He and his ex-fiancée had been searching for a rescue dog for a year, going to dozens of humane societies.

‘We wanted every single dog,’ Mr Unger said to the MailOnline.

‘We just hadn’t found the right one.’

His then-fiancée they spotted the pup at the Ozaukee Animal Shelter 19 years ago.

‘We fell in love with her immediately,’ Mr Unger told the MailOnline.

Schoep was in a cage with another dog, possibly his mother, crouched in the back quietly staring at the corner with his back to Mr Unger.

‘I knew – that’s him,’ Mr Unger said.

At the time Schoep was named Tramp by the shelter staff and showed signs of abuse.

‘He didn’t even know what toys were,’ Mr Unger said.

‘I really wanted this dog because I wanted him to enjoy life.’

The couple worked hard to establish the trust of the dog and eventually brought out its ‘full potential’.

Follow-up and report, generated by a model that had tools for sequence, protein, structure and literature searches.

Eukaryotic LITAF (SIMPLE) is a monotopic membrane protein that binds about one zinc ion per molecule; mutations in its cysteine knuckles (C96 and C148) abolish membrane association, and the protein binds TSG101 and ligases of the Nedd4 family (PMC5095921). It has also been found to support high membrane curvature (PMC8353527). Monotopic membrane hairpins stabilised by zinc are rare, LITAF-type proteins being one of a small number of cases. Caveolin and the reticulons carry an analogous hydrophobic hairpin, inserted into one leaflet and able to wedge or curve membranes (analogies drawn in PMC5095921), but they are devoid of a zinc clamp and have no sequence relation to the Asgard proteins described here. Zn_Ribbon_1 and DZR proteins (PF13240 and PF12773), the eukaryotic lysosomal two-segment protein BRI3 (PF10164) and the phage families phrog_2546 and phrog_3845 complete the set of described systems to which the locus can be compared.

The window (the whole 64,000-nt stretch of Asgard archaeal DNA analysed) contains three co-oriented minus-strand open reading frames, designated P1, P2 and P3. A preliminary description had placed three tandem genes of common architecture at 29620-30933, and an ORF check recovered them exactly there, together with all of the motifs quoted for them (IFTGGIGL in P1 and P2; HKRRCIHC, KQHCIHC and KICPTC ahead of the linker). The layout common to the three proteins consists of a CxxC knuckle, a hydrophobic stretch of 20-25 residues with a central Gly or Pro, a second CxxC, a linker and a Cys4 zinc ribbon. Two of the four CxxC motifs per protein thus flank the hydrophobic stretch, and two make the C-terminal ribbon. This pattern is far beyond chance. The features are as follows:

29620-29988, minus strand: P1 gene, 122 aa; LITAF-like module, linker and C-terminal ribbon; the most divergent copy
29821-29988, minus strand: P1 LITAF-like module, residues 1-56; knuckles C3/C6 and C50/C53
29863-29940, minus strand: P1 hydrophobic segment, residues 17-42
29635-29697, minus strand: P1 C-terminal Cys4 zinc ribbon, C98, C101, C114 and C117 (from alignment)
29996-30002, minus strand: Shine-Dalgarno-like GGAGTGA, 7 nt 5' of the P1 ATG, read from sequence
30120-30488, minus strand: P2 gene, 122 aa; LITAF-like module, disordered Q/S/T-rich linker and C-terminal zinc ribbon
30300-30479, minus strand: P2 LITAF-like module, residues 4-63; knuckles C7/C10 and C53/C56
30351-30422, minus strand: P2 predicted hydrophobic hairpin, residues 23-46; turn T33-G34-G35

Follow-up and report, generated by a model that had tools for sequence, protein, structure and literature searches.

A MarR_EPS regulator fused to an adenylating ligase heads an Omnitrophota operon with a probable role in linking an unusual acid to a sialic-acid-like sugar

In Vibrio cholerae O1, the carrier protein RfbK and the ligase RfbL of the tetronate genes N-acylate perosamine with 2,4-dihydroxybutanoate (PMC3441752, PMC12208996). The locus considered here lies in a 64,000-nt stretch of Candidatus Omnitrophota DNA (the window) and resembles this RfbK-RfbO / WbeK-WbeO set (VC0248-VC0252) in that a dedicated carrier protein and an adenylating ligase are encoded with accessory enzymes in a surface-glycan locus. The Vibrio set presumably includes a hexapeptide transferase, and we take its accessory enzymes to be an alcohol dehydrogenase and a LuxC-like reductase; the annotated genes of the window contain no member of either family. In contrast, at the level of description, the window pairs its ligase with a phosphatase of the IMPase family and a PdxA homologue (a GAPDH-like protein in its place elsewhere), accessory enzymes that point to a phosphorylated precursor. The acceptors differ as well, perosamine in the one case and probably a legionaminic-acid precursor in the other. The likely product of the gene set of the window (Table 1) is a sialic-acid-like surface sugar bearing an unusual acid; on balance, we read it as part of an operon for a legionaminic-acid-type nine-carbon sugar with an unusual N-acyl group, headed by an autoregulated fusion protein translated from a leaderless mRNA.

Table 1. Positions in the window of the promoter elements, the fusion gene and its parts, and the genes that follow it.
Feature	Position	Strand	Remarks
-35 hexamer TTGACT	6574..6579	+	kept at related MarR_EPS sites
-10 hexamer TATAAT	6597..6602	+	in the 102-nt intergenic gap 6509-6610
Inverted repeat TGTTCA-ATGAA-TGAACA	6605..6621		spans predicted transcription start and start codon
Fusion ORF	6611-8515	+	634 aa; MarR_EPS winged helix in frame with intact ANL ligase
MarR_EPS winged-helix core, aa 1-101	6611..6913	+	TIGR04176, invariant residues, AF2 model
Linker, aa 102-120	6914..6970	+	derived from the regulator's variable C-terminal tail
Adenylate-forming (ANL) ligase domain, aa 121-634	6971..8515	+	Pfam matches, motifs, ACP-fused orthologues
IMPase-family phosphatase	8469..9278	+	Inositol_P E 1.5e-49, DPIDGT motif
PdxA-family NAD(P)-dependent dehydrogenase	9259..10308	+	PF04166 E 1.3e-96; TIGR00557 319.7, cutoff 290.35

‘I took Schoep in for a check up because he was limping,’ Mr Unger said.

The doctor recommend pain medication, but said that it may be temporary or not help at all.

Then, Mr Unger said, the doctor told him, ‘ “If there isn’t any improvement, we should probably…” a good vet wont say “put him down,” but he said at that point I may start to want to think about it.’

Faced with the possibility of losing his best friend, he called up Mrs Hudson for an impromptu session.

She met the pair at sunset on Lake Superior, because Schoep’s cataracts prevent him from seeing in sunlight.

‘She couldn’t believe he fell asleep in my arms,’ Mr Unger said.

Mrs Hudson watched the man and his dog float around the lake for maybe five minutes before Schoep began to get cold and shake.

Mr Unger said he had to take him out of the water to let him warm up and was worried she hadn’t had the chance to snap an image.

‘I didn’t think she even took one picture,’ he said. ‘But then she told me she got what she wanted.’



One Comment leave one →
  1. October 6, 2012 6:10 pm

    Reblogged this on Ascension to 5D and Beyond.

Leave a Reply

Fill in your details below or click an icon to log in: Logo

You are commenting using your account. Log Out / Change )

Twitter picture

You are commenting using your Twitter account. Log Out / Change )

Facebook photo

You are commenting using your Facebook account. Log Out / Change )

Google+ photo

You are commenting using your Google+ account. Log Out / Change )

Connecting to %s

%d bloggers like this: